Pale gold, with a steady flow of pinpoint bubbles in the glass. Rich and full aromas, white fruit with a distinct note of cocoa, a characteristic that I often find in sparkling wines with a substantial amount of Pinot Noir in the blend. Flavors are consistent with the nose, cocoa and fresh fruit, full and intense. An exceptional Champagne, produced on 27 vineyard acres near the village of Merfy. It could compete with many larger producers' vintage cuvees. U.S. importer: Michael Skurnik Wines, Syosset, N.Y.; a Terry Theise Estate Selection. (Dec. 19, 2002)
FOOD MATCH: Brilliant with a light meatless dinner crafted to match fine sparkling wine: A "three-lily" risotto made with leeks, red onions and garlic, butter and Parmigiano.
VALUE: Champagne is not cheap, but this one dramatically exceeds expectations at $25, which is near the bottom of the range for this pricey genre.
Clear light gold; a frothy mousse falls back fast, followed by streams of tiny, persistent bubbles. Exceptionally prickly on the nose and tongue, suggesting a high level of carbonation. Bold red-fruit scents, currants and berries, present a tasty but rather unusual aroma profile for a Champagne. Flavors are mouth-filling, tart and complex, abundant fruit that follows the nose. Exceptionally complex for a non-vintage Champagne, it's made from fruit grown in two "Grand Cru" villages: Ambonnay and Bouzy. U.S. importer: Vintner Select, Cincinnati; Michael Skurnik, Syosset, N.Y., North Berkeley Wine Merchant, Berkeley, Calif., and other regional importers. (Dec. 22, 2002)
FOOD MATCH: A fine, if cross-ethnic, match with an Italian classic, linguine with white clam sauce.
VALUE: Good value - by Champagne standards - in the $30 range.
Our friends at French Wine Explorers, who I joined last June for a tour of the Southern Rhone and Provence and with whom I'll link up again this coming May for a trip around Bordeaux, have come up with a special end-of-the-year offer that sounds almost too good to believe:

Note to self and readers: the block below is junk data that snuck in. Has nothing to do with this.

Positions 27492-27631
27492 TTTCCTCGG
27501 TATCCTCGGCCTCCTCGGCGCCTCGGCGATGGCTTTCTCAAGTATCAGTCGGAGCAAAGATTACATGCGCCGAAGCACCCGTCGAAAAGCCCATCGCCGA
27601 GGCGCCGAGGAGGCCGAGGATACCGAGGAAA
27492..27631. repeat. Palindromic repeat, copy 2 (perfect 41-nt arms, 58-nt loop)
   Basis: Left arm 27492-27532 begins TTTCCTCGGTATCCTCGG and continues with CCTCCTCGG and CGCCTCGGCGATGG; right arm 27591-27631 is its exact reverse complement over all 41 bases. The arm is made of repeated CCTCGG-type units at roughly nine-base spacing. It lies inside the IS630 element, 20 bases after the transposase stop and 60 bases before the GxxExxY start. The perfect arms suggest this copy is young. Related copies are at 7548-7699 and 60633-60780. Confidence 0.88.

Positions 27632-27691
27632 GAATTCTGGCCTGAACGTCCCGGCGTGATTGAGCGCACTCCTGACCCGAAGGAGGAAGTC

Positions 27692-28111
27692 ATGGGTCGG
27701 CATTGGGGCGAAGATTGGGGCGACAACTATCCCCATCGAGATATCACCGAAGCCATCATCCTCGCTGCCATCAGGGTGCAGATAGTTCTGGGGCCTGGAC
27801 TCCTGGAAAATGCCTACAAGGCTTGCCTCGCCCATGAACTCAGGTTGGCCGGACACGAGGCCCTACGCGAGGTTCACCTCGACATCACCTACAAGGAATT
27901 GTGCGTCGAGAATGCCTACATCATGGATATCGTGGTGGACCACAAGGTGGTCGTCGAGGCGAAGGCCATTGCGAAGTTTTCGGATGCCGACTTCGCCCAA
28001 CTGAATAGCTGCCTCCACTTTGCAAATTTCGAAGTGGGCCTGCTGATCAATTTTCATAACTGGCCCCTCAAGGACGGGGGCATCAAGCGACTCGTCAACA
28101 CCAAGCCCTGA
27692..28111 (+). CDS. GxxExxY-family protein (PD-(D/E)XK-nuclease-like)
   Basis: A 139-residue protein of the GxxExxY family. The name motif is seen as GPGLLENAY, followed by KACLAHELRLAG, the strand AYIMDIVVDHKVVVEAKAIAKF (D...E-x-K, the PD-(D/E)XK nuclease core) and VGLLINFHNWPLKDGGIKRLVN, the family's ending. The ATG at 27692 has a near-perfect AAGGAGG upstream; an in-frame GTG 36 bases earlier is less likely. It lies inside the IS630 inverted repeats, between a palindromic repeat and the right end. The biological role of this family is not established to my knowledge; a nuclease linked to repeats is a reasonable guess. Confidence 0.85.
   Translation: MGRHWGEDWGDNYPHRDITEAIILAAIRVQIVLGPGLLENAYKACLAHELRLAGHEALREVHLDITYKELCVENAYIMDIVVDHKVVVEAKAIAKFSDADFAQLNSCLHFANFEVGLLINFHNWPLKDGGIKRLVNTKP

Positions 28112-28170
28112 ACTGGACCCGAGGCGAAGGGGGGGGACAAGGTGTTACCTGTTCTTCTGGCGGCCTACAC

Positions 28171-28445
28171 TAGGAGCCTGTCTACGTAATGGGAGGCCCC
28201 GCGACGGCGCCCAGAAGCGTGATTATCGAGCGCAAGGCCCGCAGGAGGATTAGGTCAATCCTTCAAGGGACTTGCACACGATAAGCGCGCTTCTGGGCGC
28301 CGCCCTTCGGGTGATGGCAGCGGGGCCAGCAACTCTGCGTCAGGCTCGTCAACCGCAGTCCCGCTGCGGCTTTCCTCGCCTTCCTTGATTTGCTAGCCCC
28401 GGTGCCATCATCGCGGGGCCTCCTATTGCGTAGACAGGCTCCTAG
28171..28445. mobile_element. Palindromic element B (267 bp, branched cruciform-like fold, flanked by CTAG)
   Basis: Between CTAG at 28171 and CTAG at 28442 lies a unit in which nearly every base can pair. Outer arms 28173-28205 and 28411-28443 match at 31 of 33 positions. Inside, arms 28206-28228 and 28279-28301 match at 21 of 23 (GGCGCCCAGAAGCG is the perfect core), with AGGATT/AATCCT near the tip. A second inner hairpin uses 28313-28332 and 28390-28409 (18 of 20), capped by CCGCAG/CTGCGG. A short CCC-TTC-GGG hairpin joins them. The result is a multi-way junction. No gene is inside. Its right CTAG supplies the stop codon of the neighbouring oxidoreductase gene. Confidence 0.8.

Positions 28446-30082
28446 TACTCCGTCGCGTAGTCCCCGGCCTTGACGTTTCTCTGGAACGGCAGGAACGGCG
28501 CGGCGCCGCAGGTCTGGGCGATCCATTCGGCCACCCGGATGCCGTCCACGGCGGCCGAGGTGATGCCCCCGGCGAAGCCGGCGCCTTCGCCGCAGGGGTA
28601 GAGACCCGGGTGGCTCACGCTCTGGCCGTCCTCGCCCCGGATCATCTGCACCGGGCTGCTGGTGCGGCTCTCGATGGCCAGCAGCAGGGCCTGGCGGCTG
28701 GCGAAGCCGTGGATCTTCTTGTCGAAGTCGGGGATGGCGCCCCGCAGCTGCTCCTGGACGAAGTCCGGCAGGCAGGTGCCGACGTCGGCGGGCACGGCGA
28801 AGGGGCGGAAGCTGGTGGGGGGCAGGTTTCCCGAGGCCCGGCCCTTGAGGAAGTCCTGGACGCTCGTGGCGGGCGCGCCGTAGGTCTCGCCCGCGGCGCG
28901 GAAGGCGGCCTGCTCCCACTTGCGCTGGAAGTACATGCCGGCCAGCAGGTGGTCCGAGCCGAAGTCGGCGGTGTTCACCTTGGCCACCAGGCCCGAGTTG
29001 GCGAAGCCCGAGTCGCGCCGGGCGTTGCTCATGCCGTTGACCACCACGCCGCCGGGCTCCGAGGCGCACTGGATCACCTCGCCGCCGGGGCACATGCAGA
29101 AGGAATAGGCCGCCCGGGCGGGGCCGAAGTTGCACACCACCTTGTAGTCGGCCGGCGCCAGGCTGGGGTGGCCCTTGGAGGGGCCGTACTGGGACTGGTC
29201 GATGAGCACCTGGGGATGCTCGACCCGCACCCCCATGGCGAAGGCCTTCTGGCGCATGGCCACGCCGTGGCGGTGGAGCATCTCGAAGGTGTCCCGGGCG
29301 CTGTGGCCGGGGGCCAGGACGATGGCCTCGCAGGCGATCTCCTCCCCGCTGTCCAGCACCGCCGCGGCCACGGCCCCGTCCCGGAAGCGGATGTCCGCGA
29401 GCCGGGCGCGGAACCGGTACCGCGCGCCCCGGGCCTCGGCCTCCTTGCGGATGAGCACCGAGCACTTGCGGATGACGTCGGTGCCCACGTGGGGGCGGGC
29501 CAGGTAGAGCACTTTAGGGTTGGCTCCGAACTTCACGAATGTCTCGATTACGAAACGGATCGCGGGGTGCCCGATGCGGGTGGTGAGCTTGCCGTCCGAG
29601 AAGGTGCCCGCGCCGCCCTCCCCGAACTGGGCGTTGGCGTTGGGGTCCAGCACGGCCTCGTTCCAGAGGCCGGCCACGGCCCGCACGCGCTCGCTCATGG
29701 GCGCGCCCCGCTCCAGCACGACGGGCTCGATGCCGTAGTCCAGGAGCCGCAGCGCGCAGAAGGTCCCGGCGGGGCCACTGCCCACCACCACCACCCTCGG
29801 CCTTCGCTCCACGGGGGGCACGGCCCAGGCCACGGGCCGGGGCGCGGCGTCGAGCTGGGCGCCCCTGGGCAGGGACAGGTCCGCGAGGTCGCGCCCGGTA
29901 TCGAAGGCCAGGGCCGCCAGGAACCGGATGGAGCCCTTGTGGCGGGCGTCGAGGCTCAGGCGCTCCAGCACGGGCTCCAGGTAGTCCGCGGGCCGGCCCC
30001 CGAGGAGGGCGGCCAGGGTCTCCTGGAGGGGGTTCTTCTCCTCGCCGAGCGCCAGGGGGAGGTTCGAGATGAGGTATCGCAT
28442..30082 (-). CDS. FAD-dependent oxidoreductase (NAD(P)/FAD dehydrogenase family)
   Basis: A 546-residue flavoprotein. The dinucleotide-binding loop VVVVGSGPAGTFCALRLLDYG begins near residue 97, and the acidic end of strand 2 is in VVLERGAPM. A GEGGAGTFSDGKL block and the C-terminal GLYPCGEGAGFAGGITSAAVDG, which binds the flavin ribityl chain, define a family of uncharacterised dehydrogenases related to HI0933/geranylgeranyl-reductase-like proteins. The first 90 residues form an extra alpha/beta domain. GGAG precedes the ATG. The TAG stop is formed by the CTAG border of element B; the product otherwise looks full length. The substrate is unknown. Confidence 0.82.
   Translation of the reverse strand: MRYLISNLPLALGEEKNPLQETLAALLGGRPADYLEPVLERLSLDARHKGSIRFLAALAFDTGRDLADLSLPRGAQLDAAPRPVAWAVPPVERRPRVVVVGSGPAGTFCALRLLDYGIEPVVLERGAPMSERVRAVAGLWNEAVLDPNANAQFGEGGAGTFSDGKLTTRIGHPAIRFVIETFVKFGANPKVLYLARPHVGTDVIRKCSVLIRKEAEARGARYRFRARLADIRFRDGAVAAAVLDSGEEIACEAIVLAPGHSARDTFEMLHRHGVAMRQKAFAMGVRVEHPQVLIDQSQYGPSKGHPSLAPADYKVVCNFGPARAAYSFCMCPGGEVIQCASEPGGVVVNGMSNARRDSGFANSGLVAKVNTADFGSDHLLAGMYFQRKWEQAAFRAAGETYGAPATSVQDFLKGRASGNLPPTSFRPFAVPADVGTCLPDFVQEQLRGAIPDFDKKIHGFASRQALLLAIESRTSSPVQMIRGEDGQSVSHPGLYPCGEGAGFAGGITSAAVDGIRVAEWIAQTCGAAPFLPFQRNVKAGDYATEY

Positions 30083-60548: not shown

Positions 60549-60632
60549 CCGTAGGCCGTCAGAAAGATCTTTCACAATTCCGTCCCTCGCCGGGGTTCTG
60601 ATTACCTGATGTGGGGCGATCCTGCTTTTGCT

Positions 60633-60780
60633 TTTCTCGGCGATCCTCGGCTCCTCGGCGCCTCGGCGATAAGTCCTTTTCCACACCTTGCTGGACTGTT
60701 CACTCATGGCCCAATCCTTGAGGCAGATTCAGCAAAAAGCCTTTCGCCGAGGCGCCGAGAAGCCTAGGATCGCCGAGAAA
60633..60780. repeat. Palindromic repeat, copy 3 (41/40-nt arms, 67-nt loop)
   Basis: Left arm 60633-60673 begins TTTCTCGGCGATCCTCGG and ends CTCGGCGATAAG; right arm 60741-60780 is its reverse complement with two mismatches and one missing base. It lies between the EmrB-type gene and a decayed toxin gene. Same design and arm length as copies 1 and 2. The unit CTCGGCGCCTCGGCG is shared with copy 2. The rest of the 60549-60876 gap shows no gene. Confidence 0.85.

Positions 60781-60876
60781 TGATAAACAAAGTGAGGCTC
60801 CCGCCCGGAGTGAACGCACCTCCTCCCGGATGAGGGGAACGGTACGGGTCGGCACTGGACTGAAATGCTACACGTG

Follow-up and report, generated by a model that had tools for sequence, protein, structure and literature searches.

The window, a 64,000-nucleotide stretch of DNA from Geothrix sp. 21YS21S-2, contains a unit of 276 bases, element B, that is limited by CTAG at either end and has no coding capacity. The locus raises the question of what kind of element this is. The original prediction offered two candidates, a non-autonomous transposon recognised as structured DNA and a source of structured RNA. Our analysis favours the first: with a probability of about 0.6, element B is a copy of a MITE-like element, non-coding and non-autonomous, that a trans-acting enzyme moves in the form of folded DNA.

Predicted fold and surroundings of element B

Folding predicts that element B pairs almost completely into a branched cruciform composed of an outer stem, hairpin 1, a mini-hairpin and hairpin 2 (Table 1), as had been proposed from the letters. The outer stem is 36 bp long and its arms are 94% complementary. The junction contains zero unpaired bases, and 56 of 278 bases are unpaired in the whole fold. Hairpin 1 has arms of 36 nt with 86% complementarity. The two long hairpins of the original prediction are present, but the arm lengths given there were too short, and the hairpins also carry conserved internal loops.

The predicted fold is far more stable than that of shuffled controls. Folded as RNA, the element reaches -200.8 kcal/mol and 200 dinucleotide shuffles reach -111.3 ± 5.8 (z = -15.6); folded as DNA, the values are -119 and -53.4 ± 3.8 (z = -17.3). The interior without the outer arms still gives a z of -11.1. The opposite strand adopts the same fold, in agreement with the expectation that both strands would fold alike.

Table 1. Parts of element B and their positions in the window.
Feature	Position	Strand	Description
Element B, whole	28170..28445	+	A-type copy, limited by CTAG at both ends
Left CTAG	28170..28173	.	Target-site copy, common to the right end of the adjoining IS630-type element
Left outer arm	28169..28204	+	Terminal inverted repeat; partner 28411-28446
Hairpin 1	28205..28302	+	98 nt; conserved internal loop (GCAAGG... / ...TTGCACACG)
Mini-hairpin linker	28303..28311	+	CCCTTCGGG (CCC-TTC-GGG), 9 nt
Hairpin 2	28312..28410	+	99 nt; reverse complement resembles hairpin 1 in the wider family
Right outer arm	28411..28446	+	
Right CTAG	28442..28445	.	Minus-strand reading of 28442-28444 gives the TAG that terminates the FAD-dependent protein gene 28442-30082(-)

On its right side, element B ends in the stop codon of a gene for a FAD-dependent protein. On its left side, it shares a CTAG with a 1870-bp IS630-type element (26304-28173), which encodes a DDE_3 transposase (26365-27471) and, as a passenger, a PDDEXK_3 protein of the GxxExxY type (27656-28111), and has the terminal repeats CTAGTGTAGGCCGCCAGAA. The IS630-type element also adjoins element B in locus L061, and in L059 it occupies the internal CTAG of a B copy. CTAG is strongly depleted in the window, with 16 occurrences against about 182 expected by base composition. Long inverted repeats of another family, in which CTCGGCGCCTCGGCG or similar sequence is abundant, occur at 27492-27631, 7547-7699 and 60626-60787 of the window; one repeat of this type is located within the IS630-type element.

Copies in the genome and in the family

If you can get together a group of 10 friends, relatives or colleagues to take a customized, private wine tour together with French Wine Explorers in 2003, you can come for FREE! Or just persuade SIX other people to sign up with you for one of French Wine Explorer's regularly scheduled tours, and once again, you come for FREE! This offer is good through June, 2003 for all the organization's 2003 tours.Last Week's Wine Advisor Index
The Wine Advisor's daily edition is currently distributed on Mondays, Wednesdays and Fridays (and, for those who subscribe, the FoodLetter on Thursdays). Here's the index to last week's columns:
Three non-Champagne bubblies (Dec. 20)
More wine books for the holidays (Dec. 18)
Bordeaux 2000: Beating the system (Dec. 16)
Complete 30 Second Wine Advisor archive:
Last week's Wine Advisor Foodletter: Mashed root veggies (Dec. 19)
Wine Advisor Foodletter archive:
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All the wine-tasting reports posted here are consumer-oriented. In order to maintain objectivity and avoid conflicts of interest, I purchase all the wines I rate at my own expense in retail stores and accept no samples, gifts or other gratuities from the wine industry.
Monday, Dec. 23, 2002
Copyright 2002 by Robin Garr. All rights reserved.